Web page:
A deathbed confession revolving around Opus Dei and Pinochet, By Night in Chile pours out the self-justifying dark memories of the Jesuit priest Father Urrutia.A deathbed confession revolving around Opus Dei and Pinochet, By Night in Chile pours out the self-justifying dark memories of the Jesuit priest Father Urrutia.Read Less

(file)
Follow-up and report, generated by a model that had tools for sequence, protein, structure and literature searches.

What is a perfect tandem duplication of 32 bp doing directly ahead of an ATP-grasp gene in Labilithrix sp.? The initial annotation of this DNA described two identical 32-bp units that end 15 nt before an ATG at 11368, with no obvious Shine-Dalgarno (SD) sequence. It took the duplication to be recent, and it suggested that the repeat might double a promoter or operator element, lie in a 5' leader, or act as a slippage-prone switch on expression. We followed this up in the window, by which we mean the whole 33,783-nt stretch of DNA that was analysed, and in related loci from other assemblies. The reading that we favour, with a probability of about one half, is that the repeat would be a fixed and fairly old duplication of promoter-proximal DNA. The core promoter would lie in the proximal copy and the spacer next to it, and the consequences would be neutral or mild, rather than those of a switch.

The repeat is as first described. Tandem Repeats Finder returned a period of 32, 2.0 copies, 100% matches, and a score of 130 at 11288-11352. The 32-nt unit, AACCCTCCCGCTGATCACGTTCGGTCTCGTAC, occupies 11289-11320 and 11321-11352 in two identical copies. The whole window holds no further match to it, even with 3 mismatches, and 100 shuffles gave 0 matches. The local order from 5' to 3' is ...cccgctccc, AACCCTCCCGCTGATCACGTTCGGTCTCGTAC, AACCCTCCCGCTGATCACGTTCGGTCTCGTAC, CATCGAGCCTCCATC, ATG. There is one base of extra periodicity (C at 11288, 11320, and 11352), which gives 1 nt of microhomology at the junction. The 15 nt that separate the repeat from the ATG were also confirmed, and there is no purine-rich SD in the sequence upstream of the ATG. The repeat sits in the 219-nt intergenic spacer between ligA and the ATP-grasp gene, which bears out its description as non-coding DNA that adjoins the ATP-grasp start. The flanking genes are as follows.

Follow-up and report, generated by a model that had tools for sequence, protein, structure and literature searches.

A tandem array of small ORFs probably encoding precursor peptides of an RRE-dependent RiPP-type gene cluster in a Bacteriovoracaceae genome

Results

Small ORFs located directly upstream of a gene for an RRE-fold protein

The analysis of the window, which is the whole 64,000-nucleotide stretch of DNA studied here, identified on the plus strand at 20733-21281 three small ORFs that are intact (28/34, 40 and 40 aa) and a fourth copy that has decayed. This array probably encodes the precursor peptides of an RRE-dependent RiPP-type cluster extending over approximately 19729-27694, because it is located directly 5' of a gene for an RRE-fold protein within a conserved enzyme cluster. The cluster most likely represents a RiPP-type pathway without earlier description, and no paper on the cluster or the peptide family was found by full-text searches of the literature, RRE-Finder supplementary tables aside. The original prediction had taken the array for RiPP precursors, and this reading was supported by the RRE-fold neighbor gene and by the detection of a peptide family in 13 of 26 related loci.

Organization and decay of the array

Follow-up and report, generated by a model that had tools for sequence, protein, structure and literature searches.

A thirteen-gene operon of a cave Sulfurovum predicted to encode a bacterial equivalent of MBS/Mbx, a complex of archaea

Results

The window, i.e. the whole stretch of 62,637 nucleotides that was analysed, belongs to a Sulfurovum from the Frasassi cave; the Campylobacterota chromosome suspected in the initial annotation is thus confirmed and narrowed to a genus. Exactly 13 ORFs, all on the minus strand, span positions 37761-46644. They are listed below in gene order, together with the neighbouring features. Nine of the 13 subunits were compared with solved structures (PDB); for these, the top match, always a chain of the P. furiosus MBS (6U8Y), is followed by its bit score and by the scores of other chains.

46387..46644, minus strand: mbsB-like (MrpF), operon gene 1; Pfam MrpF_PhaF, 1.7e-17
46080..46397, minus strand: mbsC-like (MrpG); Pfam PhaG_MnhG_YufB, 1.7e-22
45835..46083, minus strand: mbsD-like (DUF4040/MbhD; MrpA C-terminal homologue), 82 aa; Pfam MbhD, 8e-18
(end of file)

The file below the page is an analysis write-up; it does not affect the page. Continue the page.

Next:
Night in Chile by Robert Bolano is a spare and tightly written story that simultaneously explores the incestuous world of literary criticism in mid-20th Century South America and exposes the endemic acquiescence to facist terror that characterized many South American societies during that era. While the book is written in the first person as a priest's confession, it is really a confession of an entire society who let injustice and torture happen and pretended that every thing was alright as long as order reigned and private property was sacred. It is also a story about how people make compromises in their values in order to live the lives they choose. Bolano's writing reminded me of Saramago; so if you like Saramago, you will probably enjoy this book. Also, Bolano is particularly skilled in effectively using subtle suggestion rather than graphic exposition to create images that are at the same time clear yet shrouded, much like a pair of striking, emotional eyes peering out from behind a veil. It may be a trite message, which we all learned from our mothers, but at the end of this book one cannot help but be reminded that the person with whom you must live everyday of your life and who will judge your every act is, afterall, yourself.
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